U.S. based fundraisers are about to face what could potentially be two of the most seismic shifts in the fundraising landscape in decades, changes to:
- Federal-level tax deductions for philanthropic gifts (donors might still be able to itemize, but only if their overall deductions exceeded the new $12,000 per individual and $24,000 per couple standard deductions).
- Estate tax laws (doubling the exemption to $11 million per person, $22 million per couple).
The potential impact of these changes has been chronicled in numerous articles, e.g.,
New U.S. Tax Law Could Curb Charitable Donations, Reuters, November 30, 2017
Nonprofits Hunt for Win after Dismal Lobbying Results, The Chronicle of Philanthropy
In reality, change comes to all of us, some which we seek (such as a new hair style), and some which is thrust upon us (see 3 Facts About Change and 1 Point to Ponder). In some cases changes are small, incremental at best, and have little impact. Other changes are like an earthquake rending and shifting the landscape.
Knowing that a seismic shift in the fundraising is on the horizon what is a fundraising professional to do?
- Breathe – In How Successful People Stay Calm , Travis Bradberry, author of Emotional Intelligence 2.0, encourages us to breathe, breathe in and out and in and out.
- Consider points which I made in this LinkedIn post Jack Be Nimble (Jill Too): 5 Steps to Lead Through Change (not on LinkedIn this post is here in my blog). On this point consider this quote from Tony Robbins: “Discipline Your Disappointment.”
It’s Ok to be disappointed and even discouraged for a bit. However, fundraisers know that donors are motivated to give by far more than a tax deduction (not one of the 14 reasons listed in this Network for Good article about why donors give has to do with taxes).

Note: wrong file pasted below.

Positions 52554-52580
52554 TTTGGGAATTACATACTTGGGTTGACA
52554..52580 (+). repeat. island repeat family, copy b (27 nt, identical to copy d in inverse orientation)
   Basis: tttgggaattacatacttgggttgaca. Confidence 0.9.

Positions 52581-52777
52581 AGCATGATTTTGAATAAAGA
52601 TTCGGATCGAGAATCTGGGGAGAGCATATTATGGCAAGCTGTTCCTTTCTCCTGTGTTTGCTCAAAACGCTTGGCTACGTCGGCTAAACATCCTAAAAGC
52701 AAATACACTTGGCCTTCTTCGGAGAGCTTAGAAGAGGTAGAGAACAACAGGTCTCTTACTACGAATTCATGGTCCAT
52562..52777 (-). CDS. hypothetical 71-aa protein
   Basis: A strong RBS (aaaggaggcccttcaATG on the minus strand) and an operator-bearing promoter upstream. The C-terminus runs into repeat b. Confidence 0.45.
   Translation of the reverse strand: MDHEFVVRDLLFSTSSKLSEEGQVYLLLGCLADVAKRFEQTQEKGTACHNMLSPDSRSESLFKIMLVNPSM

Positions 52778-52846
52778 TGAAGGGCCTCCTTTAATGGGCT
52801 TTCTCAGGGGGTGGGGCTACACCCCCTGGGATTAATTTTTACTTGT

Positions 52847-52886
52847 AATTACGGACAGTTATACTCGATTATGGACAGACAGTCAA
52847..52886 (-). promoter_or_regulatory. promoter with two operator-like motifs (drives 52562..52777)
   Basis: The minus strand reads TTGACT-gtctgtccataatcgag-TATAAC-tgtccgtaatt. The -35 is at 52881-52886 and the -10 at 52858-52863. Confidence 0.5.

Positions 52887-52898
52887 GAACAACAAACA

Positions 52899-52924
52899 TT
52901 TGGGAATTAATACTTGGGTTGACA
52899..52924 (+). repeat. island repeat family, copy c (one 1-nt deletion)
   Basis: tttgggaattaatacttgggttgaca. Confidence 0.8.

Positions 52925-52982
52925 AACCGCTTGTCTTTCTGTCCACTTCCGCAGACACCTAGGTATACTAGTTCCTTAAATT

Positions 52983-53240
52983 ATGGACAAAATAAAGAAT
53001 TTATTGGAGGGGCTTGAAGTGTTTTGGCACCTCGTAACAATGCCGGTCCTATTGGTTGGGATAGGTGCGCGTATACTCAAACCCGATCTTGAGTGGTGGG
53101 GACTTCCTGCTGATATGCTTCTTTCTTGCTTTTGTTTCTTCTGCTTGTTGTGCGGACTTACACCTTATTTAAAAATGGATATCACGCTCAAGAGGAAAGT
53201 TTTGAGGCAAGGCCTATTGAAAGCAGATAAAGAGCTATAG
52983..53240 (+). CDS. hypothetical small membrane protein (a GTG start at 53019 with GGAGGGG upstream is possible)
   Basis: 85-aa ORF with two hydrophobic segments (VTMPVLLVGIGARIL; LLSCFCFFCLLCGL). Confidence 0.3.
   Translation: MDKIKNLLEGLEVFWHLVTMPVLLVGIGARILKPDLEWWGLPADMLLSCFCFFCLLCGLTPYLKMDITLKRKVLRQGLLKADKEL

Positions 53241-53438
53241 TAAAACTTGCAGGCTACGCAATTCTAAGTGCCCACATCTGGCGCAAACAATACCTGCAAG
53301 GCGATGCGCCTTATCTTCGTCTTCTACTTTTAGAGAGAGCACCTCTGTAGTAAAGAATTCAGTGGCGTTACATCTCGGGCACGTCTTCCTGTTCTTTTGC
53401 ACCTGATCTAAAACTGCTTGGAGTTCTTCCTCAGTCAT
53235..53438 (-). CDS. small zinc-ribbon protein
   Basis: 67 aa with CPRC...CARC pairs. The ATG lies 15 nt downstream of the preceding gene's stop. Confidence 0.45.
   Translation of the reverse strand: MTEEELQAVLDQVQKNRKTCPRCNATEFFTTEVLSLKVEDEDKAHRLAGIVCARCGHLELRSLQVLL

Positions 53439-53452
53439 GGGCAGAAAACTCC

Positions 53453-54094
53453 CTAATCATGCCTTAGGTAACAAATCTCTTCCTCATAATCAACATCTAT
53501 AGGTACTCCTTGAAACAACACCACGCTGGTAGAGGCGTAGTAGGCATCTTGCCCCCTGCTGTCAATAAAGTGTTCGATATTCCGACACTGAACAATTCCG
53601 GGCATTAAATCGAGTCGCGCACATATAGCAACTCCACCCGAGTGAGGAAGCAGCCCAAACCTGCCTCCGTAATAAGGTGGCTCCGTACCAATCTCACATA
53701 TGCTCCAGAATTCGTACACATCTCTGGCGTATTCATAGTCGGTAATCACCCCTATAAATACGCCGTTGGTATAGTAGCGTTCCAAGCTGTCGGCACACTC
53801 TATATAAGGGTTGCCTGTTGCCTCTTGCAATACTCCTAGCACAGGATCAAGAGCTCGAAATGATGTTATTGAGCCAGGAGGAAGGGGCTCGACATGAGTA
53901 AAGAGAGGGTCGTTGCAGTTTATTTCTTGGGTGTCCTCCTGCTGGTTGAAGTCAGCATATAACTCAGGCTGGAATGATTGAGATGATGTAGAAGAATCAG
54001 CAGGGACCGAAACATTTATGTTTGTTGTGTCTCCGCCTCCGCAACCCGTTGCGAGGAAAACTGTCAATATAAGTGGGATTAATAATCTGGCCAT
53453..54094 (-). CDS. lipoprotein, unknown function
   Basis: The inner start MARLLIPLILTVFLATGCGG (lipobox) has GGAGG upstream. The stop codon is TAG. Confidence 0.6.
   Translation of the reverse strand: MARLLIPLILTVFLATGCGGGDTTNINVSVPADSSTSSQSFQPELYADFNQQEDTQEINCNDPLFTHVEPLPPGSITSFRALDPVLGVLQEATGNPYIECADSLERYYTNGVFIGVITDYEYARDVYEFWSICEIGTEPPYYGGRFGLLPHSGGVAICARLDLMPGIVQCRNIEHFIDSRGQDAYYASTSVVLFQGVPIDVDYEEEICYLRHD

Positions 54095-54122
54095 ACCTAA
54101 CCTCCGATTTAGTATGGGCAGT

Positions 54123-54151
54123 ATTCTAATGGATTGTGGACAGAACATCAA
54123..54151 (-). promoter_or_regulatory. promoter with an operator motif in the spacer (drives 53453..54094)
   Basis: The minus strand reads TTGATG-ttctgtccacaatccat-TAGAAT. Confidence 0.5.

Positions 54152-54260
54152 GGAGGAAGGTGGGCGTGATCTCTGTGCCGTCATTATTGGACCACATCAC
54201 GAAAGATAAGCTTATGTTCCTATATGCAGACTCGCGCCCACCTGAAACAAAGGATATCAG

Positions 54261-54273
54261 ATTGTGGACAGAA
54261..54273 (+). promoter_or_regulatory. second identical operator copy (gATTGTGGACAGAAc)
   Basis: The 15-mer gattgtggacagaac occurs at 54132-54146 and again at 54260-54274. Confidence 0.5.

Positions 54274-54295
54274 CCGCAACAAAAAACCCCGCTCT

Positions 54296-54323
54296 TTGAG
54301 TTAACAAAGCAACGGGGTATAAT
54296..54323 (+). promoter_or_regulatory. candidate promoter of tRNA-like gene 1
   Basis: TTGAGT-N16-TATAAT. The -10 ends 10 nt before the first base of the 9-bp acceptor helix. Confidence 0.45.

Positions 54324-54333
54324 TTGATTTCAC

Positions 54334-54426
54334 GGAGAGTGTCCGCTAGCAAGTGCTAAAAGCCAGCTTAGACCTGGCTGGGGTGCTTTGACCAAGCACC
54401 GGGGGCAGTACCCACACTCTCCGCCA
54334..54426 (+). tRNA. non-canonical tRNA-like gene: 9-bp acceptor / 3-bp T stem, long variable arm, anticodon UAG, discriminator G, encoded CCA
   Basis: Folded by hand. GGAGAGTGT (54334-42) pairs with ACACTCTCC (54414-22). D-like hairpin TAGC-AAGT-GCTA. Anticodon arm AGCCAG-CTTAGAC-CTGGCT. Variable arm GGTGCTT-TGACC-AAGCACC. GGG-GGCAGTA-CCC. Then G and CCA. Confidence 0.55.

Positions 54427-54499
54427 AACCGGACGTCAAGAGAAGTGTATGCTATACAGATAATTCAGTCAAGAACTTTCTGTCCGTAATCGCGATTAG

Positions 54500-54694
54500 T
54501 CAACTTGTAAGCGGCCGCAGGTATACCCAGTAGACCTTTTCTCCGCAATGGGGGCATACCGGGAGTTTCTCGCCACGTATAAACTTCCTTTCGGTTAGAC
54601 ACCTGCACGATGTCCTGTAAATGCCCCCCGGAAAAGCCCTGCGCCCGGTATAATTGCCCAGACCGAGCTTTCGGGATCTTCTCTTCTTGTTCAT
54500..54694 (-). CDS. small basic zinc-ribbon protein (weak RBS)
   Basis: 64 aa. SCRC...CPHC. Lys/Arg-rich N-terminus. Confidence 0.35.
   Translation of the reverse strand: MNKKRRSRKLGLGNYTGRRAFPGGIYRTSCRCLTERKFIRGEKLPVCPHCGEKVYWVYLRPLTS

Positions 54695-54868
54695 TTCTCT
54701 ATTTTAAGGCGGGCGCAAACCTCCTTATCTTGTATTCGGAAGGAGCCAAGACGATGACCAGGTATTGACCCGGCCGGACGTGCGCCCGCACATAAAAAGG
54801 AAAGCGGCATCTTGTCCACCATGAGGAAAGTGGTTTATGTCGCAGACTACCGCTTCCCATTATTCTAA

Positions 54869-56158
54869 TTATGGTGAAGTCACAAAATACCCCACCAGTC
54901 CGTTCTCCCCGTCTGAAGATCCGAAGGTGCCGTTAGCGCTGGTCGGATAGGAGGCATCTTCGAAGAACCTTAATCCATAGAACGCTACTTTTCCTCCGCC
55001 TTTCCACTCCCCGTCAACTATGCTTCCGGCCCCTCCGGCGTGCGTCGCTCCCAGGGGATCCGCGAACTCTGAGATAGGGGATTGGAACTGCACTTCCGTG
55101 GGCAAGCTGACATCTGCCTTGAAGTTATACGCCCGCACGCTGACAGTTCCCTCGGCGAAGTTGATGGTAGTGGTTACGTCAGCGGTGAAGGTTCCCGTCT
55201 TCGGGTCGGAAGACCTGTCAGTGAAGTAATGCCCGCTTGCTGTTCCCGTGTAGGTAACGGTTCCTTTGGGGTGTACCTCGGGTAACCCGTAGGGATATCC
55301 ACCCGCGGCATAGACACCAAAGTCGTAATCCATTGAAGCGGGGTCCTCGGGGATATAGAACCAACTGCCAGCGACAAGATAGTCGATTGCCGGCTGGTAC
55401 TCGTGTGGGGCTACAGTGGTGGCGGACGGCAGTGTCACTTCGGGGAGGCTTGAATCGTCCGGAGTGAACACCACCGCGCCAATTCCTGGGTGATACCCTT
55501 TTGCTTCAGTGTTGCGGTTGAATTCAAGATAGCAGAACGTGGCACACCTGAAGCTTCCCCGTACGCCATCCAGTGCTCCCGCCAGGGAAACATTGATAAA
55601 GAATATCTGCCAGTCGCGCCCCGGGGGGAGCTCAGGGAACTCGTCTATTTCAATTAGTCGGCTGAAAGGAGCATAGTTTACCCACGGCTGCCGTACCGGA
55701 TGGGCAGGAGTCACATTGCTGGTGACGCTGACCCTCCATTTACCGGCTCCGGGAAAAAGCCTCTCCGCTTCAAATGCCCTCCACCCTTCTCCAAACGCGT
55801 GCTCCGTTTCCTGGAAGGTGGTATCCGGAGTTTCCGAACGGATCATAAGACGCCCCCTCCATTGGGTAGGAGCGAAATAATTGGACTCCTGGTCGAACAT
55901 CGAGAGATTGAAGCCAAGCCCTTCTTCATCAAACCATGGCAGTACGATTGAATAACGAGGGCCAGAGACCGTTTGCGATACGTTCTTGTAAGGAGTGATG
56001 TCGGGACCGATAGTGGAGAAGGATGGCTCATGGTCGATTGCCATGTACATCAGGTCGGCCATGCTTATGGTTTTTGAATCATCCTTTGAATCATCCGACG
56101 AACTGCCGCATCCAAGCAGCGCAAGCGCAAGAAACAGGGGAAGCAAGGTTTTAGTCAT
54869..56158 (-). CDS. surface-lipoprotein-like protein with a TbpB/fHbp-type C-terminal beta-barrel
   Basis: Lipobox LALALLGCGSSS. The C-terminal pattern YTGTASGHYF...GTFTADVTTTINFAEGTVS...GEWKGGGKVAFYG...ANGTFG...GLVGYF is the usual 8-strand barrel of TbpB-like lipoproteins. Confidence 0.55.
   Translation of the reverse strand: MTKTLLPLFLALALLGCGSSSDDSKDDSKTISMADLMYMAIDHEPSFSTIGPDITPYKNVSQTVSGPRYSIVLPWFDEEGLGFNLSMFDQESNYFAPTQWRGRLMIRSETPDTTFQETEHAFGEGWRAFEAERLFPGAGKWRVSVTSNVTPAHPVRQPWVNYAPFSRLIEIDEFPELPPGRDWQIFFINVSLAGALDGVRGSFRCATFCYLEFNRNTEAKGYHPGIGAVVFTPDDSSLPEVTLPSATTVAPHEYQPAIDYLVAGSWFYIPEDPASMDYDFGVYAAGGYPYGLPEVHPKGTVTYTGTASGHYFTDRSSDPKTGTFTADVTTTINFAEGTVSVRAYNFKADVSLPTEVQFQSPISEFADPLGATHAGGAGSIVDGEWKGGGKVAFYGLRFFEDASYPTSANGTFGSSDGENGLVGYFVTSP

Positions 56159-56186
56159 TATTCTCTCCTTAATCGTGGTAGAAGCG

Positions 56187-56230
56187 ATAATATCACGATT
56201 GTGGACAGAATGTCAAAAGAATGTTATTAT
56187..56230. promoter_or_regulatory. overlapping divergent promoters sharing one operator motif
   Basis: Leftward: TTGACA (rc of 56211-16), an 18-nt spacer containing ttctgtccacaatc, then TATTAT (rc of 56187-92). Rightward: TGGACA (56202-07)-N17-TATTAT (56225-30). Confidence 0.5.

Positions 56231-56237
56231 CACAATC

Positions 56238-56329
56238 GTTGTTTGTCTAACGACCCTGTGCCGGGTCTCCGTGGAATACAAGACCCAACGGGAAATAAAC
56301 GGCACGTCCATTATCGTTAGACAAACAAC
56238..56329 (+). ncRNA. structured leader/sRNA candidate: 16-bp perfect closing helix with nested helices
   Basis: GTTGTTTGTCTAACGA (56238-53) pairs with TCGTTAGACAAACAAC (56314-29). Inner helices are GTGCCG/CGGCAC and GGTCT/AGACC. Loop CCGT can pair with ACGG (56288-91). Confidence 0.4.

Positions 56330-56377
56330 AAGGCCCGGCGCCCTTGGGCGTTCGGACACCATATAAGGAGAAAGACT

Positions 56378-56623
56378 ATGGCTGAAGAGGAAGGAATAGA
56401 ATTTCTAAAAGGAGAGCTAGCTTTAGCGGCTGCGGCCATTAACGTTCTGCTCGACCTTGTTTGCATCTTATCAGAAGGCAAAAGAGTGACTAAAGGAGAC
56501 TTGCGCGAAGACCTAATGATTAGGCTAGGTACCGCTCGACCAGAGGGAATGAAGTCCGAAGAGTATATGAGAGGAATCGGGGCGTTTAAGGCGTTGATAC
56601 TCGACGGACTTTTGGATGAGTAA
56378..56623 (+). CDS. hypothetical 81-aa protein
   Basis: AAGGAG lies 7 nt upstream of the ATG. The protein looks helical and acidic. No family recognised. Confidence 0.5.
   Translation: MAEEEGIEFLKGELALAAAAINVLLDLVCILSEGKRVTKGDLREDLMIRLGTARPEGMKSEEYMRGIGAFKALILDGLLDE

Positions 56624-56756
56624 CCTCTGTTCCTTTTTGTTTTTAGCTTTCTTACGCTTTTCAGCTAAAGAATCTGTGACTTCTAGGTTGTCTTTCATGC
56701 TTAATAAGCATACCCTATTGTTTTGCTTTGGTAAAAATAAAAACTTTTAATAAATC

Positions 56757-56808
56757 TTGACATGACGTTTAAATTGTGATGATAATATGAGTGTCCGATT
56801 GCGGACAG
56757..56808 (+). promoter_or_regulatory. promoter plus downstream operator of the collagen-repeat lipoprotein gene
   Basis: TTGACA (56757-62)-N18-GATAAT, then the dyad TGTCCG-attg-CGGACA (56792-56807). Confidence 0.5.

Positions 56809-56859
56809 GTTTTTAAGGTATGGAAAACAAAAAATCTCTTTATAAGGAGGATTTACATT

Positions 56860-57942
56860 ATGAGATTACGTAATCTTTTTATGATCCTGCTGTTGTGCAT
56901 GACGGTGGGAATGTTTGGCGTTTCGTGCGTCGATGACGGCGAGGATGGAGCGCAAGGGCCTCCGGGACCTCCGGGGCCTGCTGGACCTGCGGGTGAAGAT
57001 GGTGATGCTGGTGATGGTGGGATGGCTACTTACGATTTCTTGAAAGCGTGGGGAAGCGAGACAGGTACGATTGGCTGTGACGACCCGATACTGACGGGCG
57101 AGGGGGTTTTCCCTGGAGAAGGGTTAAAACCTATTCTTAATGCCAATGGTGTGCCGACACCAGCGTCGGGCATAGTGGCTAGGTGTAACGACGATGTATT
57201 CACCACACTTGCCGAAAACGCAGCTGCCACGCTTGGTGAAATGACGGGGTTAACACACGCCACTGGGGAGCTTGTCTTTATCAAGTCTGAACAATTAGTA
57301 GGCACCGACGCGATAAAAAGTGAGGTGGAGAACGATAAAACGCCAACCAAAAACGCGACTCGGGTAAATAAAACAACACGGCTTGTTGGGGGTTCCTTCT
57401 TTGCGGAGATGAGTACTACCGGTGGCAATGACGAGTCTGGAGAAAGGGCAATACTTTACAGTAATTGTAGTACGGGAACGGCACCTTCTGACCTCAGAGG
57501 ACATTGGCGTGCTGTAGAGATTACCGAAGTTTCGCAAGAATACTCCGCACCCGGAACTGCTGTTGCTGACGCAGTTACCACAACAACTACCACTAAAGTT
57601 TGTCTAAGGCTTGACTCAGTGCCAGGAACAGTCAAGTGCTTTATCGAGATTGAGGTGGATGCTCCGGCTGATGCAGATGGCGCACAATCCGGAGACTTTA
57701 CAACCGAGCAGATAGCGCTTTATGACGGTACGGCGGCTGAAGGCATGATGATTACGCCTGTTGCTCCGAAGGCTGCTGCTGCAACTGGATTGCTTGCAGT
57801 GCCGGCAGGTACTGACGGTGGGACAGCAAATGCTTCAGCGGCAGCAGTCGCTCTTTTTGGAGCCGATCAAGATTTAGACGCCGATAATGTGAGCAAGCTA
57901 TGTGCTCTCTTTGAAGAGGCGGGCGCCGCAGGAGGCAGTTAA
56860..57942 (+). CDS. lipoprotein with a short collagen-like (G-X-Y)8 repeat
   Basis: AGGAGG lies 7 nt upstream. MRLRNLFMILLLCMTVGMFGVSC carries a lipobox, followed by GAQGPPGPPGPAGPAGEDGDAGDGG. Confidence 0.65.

Have you breathed yet, disciplined your disappointment and resolved to move forward? Here are three next steps you can take:
- Give Thanks – This year make calls to more donors to thank them for year-end gifts. Don’t ask for another gift, but also don’t be surprise if the conversation leads to a second gift.
- Start with the End In Mind — As I said to a room full of nonprofit executives and volunteers last week when speaking about how to Fuel Your Fundraising Using 5i’s, “if you took no other step, tell donors compelling stories about the impact that their gifts have on the lives of those served by your nonprofit.”
- Find a compelling quote and send it to online donors.
If you are at a faith-based nonprofit you might send this qoute: Blessed is the season which engages the whole world in a conspiracy of love. — Hamilton Wright Mabie
If you work at another type of nonprofit you might consider this: The best and most beautiful things in the world cannot be seen or even touched. They must be felt with the heart. Wishing you happiness.– Helen Keller
May your heart be touched by beauty this holiday season and may that beauty sustain you as you move into the new year.